Binge drug use might seem like a fun way to relax, blow off steam, or celebrate an event, but often it proves very dangerous. Drug binges take a toll on anyone who engages in them, whether just occasionally or on a regular basis.
A drug binge can be difficult to define, owing to how many different kinds of narcotics are available. Generally speaking, it is defined as consuming a large quantity of drugs in a short amount of time. For example, someone abusing cocaine might not stop using it just once in the span of a few hours, but rather repeatedly consume it. Someone who abuses prescription drugs may take more than the prescribed dosage and more times per day than recommended.
Binge drinking is easier to define. The Substance Abuse and Mental Health Services Administration (SAMHSA) breaks down binge drinking by gender. It defines binge drinking for males as consuming five or more alcoholic drinks on the same occasion or within a couple of hours of each other. For women, the number is four alcoholic drinks. These events occur at least once per month.
It was reported in 2019 that 26% of adults 18 and over engaged in binge drinking at least once in the previous month. The number was higher for men at 30% versus women at 22%. The same report stated that 14.5 million Americans ages 12 and older have alcohol use disorder. This number includes 414,000 adolescents ages 12 to 17. Sadly, only 7% of those in the 12 and over category received treatment for their addiction to alcohol. Within the adolescent group, about 6% received treatment.
The Toll That Bingeing Takes
A lot of people who enjoy binge drinking and drug use kid themselves that nothing bad can come of it. Some don’t stop to consider if they can cause harm by making a habit of bingeing. Other acts that involve bingeing often leave a person with unhealthy side effects.
Someone who binge eats may end up feeling nauseous, vomiting, or experiencing a spike in their blood sugar. If they repeat the experience enough times, it can develop into an eating disorder. Even binge-watching your favorite new TV show can lead to loss of sleep, eye strain, and putting off tasks that need to be done. The old adage about doing “all things in moderation” remains popular for a good reason.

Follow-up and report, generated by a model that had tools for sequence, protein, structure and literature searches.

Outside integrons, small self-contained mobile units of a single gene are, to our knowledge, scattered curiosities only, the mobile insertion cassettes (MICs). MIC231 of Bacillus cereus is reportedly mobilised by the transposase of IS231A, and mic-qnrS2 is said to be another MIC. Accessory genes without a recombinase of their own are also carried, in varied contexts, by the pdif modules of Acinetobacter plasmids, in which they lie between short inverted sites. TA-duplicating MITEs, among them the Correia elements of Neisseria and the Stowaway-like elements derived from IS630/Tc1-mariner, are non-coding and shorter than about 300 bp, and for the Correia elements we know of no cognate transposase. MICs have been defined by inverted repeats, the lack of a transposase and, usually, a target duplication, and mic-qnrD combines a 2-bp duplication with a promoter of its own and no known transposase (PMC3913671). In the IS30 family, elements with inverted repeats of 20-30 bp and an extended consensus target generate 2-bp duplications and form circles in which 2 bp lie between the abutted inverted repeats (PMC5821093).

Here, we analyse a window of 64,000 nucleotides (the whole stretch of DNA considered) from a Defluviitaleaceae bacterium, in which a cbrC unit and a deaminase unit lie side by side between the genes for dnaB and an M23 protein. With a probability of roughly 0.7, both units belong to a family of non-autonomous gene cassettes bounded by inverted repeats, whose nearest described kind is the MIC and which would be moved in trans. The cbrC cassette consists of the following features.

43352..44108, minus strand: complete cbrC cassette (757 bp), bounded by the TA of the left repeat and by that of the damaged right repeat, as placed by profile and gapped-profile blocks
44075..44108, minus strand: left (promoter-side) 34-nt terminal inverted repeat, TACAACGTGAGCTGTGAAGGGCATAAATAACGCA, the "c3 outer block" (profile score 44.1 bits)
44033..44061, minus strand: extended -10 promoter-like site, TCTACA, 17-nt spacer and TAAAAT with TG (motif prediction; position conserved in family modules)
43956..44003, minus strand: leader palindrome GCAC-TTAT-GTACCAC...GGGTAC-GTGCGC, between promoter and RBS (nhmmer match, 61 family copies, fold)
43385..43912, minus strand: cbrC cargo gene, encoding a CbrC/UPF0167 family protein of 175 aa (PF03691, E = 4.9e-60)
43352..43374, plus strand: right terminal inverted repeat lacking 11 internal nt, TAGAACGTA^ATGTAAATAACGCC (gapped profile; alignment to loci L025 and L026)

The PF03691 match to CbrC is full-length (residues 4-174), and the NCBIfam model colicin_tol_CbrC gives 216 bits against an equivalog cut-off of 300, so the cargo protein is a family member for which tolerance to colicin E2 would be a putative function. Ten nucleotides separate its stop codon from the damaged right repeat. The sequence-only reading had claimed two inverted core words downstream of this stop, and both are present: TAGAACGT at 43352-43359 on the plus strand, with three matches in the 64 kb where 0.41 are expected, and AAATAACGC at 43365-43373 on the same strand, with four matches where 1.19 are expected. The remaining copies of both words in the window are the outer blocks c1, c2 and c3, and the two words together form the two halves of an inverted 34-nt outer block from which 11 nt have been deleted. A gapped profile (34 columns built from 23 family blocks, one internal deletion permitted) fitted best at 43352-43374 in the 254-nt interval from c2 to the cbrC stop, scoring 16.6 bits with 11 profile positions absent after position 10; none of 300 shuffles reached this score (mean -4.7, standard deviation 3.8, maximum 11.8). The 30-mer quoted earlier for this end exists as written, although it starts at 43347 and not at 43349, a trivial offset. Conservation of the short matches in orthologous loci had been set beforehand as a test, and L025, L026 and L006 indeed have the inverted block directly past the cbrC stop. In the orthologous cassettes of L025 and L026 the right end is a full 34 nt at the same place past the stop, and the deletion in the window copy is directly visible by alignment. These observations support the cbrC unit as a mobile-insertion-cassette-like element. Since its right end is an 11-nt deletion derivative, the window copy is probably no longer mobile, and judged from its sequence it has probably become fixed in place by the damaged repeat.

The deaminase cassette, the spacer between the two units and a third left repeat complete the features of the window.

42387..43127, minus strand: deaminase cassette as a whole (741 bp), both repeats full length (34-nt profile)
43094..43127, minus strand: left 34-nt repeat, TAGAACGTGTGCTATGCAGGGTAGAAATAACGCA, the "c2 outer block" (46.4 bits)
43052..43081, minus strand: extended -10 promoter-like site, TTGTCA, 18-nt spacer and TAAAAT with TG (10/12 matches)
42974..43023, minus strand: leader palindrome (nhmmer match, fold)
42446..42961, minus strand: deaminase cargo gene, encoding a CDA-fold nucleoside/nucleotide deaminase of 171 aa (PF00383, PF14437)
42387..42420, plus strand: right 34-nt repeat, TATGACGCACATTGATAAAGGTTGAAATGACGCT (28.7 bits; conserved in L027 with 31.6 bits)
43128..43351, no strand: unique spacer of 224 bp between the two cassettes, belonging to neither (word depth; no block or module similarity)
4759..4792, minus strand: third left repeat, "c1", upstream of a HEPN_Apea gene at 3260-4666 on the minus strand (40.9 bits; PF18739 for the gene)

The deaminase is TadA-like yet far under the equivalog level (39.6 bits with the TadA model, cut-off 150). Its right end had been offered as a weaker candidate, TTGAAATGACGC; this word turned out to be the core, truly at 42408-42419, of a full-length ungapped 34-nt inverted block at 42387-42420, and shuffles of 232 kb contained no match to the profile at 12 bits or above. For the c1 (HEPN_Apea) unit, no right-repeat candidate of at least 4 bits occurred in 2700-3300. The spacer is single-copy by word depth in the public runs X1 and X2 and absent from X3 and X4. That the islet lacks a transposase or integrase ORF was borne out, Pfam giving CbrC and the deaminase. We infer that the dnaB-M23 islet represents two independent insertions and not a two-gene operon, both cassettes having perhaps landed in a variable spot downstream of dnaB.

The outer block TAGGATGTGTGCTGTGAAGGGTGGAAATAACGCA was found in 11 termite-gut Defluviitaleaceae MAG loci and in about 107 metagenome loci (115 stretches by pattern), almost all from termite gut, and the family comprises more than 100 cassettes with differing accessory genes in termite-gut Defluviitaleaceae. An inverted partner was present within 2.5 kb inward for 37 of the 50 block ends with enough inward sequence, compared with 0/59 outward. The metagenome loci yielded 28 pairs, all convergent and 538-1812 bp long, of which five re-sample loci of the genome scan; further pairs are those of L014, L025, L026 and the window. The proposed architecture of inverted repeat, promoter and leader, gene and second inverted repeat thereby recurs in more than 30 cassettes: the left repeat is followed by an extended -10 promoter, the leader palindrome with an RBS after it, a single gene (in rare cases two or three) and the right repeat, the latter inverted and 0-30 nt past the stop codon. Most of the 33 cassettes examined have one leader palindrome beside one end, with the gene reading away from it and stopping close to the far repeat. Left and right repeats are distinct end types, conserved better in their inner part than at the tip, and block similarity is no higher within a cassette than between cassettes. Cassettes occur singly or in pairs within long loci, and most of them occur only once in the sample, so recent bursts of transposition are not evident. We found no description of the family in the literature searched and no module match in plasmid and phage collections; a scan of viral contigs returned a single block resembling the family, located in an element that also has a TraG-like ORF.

Why People Engage in Binge Drinking and Drug Use
Often, people who partake in binge drinking and drug use chalks it up to be a one-time thing, or something they do now and again. When they experience the payoff, such as a reduction in stress or feeling less moody, it can quickly become a habit.
Many people who end up addicted to drugs or alcohol started out just bingeing on substances from time to time until it became uncontrollable. Once someone develops a substance use disorder, it most often takes professional help to stop.
Approximately half of all people who have a substance use disorder also suffer from at least one mental illness. In many cases, the addiction developed from person using binge drinking and drug use to numb their mental health challenges. These mental illnesses can include:
- Post-traumatic stress disorder (PTSD)
- Anxiety disorders
- Obsessive-compulsive disorder (OCD)
- Bipolar disorder
- Borderline personality disorder
While getting drunk or high might offer a way of avoiding discomfort, it is ultimately an unhealthy coping skill that can easily backfire. Someone who started out just trying to feel less depressed or experience fewer moments of discomfort may wind up adding addiction to their list of problems.
How to Get Help for Binge Drinking and Drug Use
When a person reaches the point where their binge drinking and drug use has become an addiction, it’s time to seek help. Treatment programs offer several options to help treat addiction, including detoxification, residential treatment, and outpatient programs. Many programs not only know how to treat substance use disorders but also help patients manage their co-occurring mental illnesses.
When both addiction and mental health are addressed at the same time, a person’s chances of having success with both problems increases. When symptoms of mental illness are better managed, a person finds themselves less likely to feel compelled to engage in binge drinking and drug use. Likewise, when a person is working on recovery from addiction, they stop covering up their emotions with drugs and alcohol. This allows them to figure out what the underlying problems are and work on healing them with a licensed counselor.
Addiction Treatment in California
Our treatment plans help young people move past addiction to drugs and alcohol and learn to love their new lives. Launch Centers provides detox and outpatient programs to help you embrace recovery and plan for a brighter future. Launch Centers is happy to answer any questions you may have about our program. For more information, contact us today.